The Girl with Seven Names: A North Korean Defector's Story

The Girl with Seven Names: A North Korean Defector's Story

by Hyeonseo Lee, David John

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Overview

An extraordinary insight into the life under one of the world’s most ruthless and secretive dictatorships – and the story of one woman’s terrifying struggle to escape.One of the millions of North Koreans trapped by a brutal regime, mad dictatorship and starvation of body and soul, Hyeonseo Lee fled North Korea when she was just a fifteen year-old girl. As she escaped to stay with distant relatives in China, Hyeonseo still believed that North Korea was the best place in the world to live, and that Kim Il-Sung was her savior. She did not know it would be fourteen years until she was reunited with her family.She could not return, for fear that she and her family would incur the punishments of the government authorities – involving imprisonment, torture, possible public execution. Hyeonseo instead remained in China and strove to learn Chinese and a little English in an effort to adapt and survive. Fourteen years and two lifetimes later, she would return to the border in a daring mission to spirit her mother and brother to South Korea, on one of the most arduous, expensive and dangerous journeys imaginable.This is the unique story not only of Hyeonseo’s escape from the darkness into the light, but also of a coming of age, an education and a resolve rebuild her life not once but twice – first in China, then in South Korea. Strong, brave and eloquent, this memoir is a triumph of spirit.

Product Details

ISBN-13: 9780007554867
Publisher: HarperCollins Publishers
Publication date: 07/02/2015
Sold by: HarperCollins Publishers
Format: NOOK Book
Pages: 320
Sales rank: 5,895
File size: 3 MB

About the Author

Hyeonseo Lee grew up in North Korea but escaped to China in 1997. In 2008, after more than 10 years there, she came to Seoul, South Korea, where she struggled to adjust to life in the bustling city. Now a student at Hankuk University of Foreign Studies, she has become an advocate for fellow refugees, even helping close relatives leave North Korea.

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The Girl with Seven Names: A North Korean Defector's Story 4.9 out of 5 based on 0 ratings. 41 reviews.
Anonymous More than 1 year ago
Great book! Excellently written! At first I thought it was about someone fiction and I was suprised that it was actually about the author! Very touching story. As much as I knew that North Korea was terrible and gloomy, I never knew it was that in the book. Luckily, I'm South Korean! Never going to North Korea! NEVER!!!! Once you get in you can't get out! It's like prison even though your not in a prison cell. So sad:(. !!!!!!!!!!!!!!!!!!!!!!!!!!!!!!!!!!!!!!!!!!!!! !!!!!!!!!!!!!!!!!!!!!!!!!!!!!!!!!!!!!!!!!!!!!!!!!!!!!!!!!!!!!!!!!!!!!!!!!!!!!!!!!!!!!!!!!!!!! !!!!!!!!!!!!!!!!!!!!!!!!!!!!!!!!!!!!!!!!!!!!!!!!!!!!!!!!!!!!!!!!!!!!!!!!!!!!!!!!!!!!!!!!!!!!!!!!!!!!!!!!!!!!!!!!!!!!!!!!!!!!!!!!!!!!!!!!!!!!!!!!!!!!!!!!!!!!!!!!!!!!!!!!!!!!!!!!!!!!!!!!!!!!!!!!!!!!!!!!!!!!!!!!!!!!!!!!!!!!!!!!!!!!!!!!!!!!!!!!!!!!!!!!!!!!!!!!!!!!!!!!!!!!!!!!!!!!!!!
Anonymous More than 1 year ago
This is an excellent book tracing the author's birth and life in North Korea, her escape and journey to South Korea, and her helping her mother and brother escape as well. The story is well written and told in quite an exciting way. If you have never read a book by or about a North Korean defector, it's great way to start learning about life there. If you have read several books, as I have, it will add another dimension to your understanding of life in North Korea and its' citizens.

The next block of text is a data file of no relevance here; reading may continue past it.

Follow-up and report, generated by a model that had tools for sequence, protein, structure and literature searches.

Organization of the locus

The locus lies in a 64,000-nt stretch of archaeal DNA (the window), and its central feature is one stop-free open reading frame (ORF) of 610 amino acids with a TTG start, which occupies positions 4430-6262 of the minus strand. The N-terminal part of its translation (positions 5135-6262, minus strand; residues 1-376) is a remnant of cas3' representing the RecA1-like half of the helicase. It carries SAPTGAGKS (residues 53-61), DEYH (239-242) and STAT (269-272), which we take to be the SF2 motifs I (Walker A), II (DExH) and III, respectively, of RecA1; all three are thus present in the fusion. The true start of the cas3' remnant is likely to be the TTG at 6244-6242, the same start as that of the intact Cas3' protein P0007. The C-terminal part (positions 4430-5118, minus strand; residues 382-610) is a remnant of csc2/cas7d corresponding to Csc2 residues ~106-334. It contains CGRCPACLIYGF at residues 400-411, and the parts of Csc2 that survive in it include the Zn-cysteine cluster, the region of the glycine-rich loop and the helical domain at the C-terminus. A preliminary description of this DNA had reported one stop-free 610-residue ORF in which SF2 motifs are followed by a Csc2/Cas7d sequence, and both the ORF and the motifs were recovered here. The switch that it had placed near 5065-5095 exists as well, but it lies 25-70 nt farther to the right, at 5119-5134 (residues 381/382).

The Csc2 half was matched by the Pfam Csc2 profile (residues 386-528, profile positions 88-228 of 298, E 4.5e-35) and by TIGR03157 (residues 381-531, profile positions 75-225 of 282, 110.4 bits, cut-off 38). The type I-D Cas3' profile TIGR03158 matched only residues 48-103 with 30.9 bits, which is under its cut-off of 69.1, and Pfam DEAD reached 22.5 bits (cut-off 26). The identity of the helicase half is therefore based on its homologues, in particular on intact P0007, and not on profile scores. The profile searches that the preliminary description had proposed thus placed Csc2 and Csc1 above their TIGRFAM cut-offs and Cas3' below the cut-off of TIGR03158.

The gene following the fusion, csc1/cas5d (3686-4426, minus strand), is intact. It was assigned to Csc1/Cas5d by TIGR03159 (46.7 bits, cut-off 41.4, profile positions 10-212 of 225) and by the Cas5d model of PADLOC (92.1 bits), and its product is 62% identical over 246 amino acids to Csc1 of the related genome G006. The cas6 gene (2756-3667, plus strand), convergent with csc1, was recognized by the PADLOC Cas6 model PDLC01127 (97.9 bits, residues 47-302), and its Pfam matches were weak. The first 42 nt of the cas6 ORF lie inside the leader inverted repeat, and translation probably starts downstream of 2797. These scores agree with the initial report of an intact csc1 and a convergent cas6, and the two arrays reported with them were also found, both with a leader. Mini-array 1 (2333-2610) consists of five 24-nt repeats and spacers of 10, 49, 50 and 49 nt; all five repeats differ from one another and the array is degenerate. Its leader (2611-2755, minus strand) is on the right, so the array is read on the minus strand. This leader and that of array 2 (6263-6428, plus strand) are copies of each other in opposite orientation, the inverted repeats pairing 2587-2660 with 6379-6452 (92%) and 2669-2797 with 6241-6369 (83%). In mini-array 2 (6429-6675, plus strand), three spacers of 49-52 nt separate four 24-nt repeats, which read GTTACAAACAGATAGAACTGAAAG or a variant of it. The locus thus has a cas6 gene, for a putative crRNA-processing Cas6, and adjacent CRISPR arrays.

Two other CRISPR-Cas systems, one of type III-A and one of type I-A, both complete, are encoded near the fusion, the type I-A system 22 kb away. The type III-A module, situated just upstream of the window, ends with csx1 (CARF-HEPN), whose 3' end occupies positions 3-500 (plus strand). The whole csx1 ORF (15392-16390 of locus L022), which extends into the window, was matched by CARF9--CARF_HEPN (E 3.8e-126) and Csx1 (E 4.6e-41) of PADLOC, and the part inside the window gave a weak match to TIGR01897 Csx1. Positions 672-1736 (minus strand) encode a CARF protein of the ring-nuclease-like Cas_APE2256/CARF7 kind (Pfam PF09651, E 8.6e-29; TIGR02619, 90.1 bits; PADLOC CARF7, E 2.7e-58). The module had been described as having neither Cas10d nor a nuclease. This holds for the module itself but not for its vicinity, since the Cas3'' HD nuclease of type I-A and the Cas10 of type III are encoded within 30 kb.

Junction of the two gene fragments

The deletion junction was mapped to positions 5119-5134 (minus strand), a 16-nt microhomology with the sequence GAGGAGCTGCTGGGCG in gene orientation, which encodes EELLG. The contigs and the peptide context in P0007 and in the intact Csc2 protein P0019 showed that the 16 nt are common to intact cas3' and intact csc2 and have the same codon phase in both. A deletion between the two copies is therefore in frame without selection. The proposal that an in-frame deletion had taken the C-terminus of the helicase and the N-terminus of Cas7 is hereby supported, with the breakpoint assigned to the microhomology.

Anonymous More than 1 year ago
Well written story about a girls struggles to be free.you will feel sorry for all those left behind.
Anonymous More than 1 year ago
Her story is so epic that halfway through i checked to see if i accidentally purchased a novel
Anonymous More than 1 year ago
Well written and moving. Reaffirms how lucky I am to have been born in the US.
Anonymous More than 1 year ago
This book takes readers through a young woman's upbringing in North Korea and she and her family's escape from it. Just as courageous as her harrowing ordeal is her willingness to share her thoughts and feelings as she evolves throughout her journey.
Anonymous More than 1 year ago
Can't believe how she did this. Incredibly, she created a masterpiece of a life story. The best of the best TED talk too.
Anonymous More than 1 year ago
Incredible story
Anonymous More than 1 year ago
This story makes you appreciate your freedom and rights.
Anonymous More than 1 year ago
And to think I almost took a pass on this book; I am usually more of a fiction or historical fiction reader. I expected a rather dull, mundane, biographical type book. Instead, I found the book to be anything but dull. On the contrary, I was enthralled, fascinated. The writer displayed exceptional skil?, allowing me enter Lee Hyeon-seo's mind an? experience what it was like growing up in North Korea. I appreciated the unapologetic, straight-forward, writing; there was no need for embellishment or exaggeration. It was a gift to be able experience the remarkable journey of Lee Hyeon-seo's life.
EmmabBooks More than 1 year ago
Life in North Korea, and after. This is a memoir about growing up in North Korea, escaping (almost my mistake) and finally living in South Korea. Hyeonseo Lee tells of her upbringing in North Korea - a country she loved (though there were plenty of downsides!), and its contrast with life just across the river in China. Hyeonseo Lee's story is fascinating, telling of how she was indoctrinated by the regime, the irritation of the enforced communal activities and the horrors of the famine of 1996. Her story is told as she saw it at the age she was writing about, with some retrospective comments. One of her first impressions of China was "I'd come from a world of black and white into one of Technicolor". She describes the enormous differences in the two countries and her problems with terrible homesickness. A book with so much drama and terrifying action it is hard to put down. There are useful maps at the beginning of the book, and photos midway through. The writing style is easy to read, though much of the subject matter is, of course, very thought provoking. A great read, particularly so with what is going on in the world at the moment. So good I have already bought a friend a copy, and have recommended it to many others.